In the subfield of abstract algebra known as module theory, a right R module M is called a balanced module (or is said to have the double centralizer property) if every endomorphism of the abelian group M which commutes with all R-endomorphisms of M is given by multiplication by a ring element. Explicitly, for any additive endomorphism f, if fg = gf for every R endomorphism g, then there exists an r in R such that f(x) = xr for all x in M. In the case of non-balanced modules, there will be such an f that is not expressible this way.

In the language of centralizers, a balanced module is one satisfying the conclusion of the double centralizer theorem, that is, the only endomorphisms of the group M commuting with all the R endomorphisms of M are the ones induced by right multiplication by ring elements.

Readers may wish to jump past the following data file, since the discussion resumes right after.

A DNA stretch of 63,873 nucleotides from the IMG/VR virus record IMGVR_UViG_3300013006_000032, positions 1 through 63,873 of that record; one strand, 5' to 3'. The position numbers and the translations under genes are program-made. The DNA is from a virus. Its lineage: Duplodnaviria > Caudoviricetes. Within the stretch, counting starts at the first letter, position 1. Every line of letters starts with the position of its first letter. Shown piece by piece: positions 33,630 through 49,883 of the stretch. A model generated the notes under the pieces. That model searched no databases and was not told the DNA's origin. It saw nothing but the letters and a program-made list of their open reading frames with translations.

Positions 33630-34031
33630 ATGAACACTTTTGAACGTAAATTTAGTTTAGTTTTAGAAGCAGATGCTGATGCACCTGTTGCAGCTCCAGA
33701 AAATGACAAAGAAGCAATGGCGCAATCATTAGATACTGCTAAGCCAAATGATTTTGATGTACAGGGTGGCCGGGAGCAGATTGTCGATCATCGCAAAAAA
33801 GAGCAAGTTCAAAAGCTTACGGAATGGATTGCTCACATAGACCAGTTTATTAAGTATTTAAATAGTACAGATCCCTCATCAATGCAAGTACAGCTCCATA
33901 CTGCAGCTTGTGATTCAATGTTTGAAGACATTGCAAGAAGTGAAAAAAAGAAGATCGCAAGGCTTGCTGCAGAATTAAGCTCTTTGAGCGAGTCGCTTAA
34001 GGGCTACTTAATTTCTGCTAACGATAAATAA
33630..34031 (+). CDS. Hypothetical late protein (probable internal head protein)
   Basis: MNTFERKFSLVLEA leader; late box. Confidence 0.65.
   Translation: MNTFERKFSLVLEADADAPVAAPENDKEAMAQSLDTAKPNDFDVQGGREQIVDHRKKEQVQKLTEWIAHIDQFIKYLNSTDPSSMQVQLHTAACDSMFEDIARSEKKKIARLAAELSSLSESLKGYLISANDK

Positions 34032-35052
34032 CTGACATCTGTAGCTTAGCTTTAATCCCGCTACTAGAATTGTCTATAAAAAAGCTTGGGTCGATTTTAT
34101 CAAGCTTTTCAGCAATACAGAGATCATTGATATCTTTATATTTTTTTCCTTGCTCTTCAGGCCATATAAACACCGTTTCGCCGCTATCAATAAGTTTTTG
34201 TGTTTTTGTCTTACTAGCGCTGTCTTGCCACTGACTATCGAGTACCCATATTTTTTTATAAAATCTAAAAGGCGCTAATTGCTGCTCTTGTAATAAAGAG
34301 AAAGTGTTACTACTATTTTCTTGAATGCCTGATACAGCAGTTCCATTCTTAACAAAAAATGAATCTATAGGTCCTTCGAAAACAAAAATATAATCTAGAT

A ring is called balanced if every right R module is balanced.[1] It turns out that being balanced is a left-right symmetric condition on rings, and so there is no need to prefix it with "left" or "right"..

All masses and the hanger may be ordered separately.

Standard masses are 1000, 500, 200, 100, 50, 20, 10, 5, 2, and 1 gram.

This set contains a total of 12 weights – nine 20-gram, one 10-gram, and two 5-gram – and a 50-gram weight hanger approximately 3-1/2" high.